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Local schools take different approaches to national walkout day

Pendleton offers “What’s Your 17?” campaign, Hermiston asks students to stay on campus, come back after 17 minutes
Antonio Sierra

East Oregonian

Published on March 12, 2018 8:00PM

Last changed on March 12, 2018 8:01PM

On Wednesday at 10 a.m., students across the country will walk out of classrooms for 17 minutes on the one-month anniversary of one of the deadliest school shootings in U.S. history.

Local school officials are taking different approaches to the protest.

Pendleton High School Principal Dan Greenough said he met with school staff to discuss the issue last week and devised an alternative activity. On Monday, teachers read a script to students explaining their rationale.

“While we do not want to discourage remembrance activities for the horrific events in Florida, we as a school should promote something that may make a positive difference moving forward,” the script states. “While a walkout brings attention to the situation, it generally has little to no lasting effect. As a replacement for this activity, we are proposing an alternative. What we would like to suggest is that in place of walking out, all students at Pendleton High School take action to promote the feeling of community here in the school.”

As a part of “What’s Your 17?” campaign, students will be shown a video in their classrooms on Wednesday explaining the concept. The campaign encourages students to perform an act of kindness for their classmates every day starting Wednesday and lasting 17 days.

Students are then asked to highlight their good deeds on social media using the #PHSWhatsUR17 hashtag.

If students still feel the need to walk out, Greenough said the school will remain lenient on students who stick to the 17-minute period.

But if students leave longer than 17 minutes or fail to return to class, they will face the usual punishments for an unexcused absence, such as lunch detention.

While some school districts have threatened to suspend students if they participate in the walkout, Greenough said its never been his policy to suspend students for absence issues.

“It flies in the face of the what we’re trying to do in trying to change the behavior,” he said.

The Hermiston School District isn’t proposing an alternative activity for Wednesday, but is proposing some parameters.

Interim Superintendent Tricia Mooney wrote a letter to parents and community members about the district’s response to the walkout.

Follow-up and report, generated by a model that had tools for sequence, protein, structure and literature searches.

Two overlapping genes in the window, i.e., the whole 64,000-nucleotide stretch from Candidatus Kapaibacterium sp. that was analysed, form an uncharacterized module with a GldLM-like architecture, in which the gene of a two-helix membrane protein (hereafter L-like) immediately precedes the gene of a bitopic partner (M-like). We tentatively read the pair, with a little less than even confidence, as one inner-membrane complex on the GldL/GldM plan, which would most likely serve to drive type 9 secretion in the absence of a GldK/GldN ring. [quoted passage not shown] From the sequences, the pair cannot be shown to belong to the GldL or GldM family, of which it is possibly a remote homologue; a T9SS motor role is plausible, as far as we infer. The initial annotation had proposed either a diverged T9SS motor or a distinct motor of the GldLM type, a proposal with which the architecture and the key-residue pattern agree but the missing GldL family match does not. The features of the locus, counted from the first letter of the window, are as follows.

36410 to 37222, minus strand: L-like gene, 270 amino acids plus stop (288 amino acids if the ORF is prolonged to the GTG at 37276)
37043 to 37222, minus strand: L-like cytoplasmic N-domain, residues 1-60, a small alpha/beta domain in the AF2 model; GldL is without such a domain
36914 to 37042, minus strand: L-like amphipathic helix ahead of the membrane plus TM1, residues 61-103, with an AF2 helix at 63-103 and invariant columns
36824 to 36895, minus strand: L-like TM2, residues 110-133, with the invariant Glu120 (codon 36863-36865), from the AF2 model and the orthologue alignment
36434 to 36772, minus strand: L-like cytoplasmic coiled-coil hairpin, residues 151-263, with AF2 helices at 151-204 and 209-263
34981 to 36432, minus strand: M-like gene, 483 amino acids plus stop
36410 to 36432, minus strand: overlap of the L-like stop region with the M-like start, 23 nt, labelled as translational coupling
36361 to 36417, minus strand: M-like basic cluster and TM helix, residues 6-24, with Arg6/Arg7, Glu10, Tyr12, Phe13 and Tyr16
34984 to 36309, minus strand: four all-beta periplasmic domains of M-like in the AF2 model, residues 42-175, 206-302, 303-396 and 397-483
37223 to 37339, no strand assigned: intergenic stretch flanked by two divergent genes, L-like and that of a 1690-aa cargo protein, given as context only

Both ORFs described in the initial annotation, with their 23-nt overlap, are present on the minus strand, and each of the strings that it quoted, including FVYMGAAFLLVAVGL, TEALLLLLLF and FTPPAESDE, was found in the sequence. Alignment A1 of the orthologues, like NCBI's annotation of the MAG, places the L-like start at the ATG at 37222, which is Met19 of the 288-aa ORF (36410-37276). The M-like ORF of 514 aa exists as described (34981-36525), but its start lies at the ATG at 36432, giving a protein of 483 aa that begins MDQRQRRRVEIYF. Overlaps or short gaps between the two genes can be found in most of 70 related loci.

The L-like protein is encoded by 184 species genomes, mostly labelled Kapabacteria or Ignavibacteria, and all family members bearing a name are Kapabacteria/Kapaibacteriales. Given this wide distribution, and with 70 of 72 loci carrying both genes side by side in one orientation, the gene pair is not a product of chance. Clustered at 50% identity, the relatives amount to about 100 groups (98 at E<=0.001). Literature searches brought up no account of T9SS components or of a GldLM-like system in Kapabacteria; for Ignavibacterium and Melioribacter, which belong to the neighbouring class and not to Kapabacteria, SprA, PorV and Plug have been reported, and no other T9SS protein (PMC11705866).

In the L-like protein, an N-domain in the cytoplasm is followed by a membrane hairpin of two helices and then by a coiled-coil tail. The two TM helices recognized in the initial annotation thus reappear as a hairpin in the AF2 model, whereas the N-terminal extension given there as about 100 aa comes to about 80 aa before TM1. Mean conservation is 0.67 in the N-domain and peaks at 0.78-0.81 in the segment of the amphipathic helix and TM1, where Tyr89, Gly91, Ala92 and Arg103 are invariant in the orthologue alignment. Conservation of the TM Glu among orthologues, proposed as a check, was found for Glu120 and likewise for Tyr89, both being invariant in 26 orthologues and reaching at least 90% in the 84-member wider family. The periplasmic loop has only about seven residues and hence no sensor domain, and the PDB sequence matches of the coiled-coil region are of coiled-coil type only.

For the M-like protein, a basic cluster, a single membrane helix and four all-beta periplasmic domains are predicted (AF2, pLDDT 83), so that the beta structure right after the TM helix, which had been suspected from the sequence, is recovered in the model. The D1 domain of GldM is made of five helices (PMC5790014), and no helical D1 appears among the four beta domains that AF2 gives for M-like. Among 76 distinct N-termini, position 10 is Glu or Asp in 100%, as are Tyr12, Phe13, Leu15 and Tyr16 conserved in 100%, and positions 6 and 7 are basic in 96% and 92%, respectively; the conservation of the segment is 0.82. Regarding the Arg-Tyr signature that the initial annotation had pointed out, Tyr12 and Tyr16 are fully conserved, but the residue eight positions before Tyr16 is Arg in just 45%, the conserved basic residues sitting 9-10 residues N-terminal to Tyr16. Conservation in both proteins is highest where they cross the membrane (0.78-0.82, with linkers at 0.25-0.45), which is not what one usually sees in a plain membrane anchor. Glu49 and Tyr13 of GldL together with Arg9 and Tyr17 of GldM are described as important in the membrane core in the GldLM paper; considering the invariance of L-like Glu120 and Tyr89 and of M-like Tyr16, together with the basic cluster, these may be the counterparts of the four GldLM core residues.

Mooney wrote that students who choose to walk out on Wednesday will be supervised by school staff. District spokeswoman Maria Duron said students will not continue to be supervised should they decide to leave school grounds.

Although the district is concentrating on potential walkouts at Hermiston High School, Sandstone Middle School and Armand Larive Middle School, elementary school staff is prepared to supervise their students if they walk out as well.

Like Pendleton, Hermiston students will be expected to return to class after 17 minutes. The events are not open to the public and students or community members who want to support the students are being asked to remain off school grounds for safety reasons.

Mooney’s letter included a statement from the Associated Student Body of Hermiston High School.

“We, the Associated Student Body Leadership of HHS, recognize that there needs to be a solution found to end school violence. There are varied opinions and feelings associated with this topic throughout the student body and we believe there is no simple singular solution. What we know is that our students need an opportunity to voice their opinions ... We support our student body in their opinions and ability to express their ideas and concerns in a safe, appropriate, and respectful manner.”

The walkouts are supposed to be a part of a national movement to commemorate the 17 people killed in a high school shooting in Parkland, Florida on Feb. 14.

According to CNN, the idea originated from EMPOWER, the youth branch of the Women’s March. The organization’s website lists more than 2,800 walkouts across the country, although a map of planned walkouts displays no events in Umatilla County or Eastern Oregon.

The national campaign also includes policy demands from Congress, like an assault weapons ban, universal background checks on gun sales and a restraining order law that would allow authorities to disarm people with warning signs of violent behavior.


Contact Antonio Sierra at asierra@eastoregonian.com or 541-966-0836.


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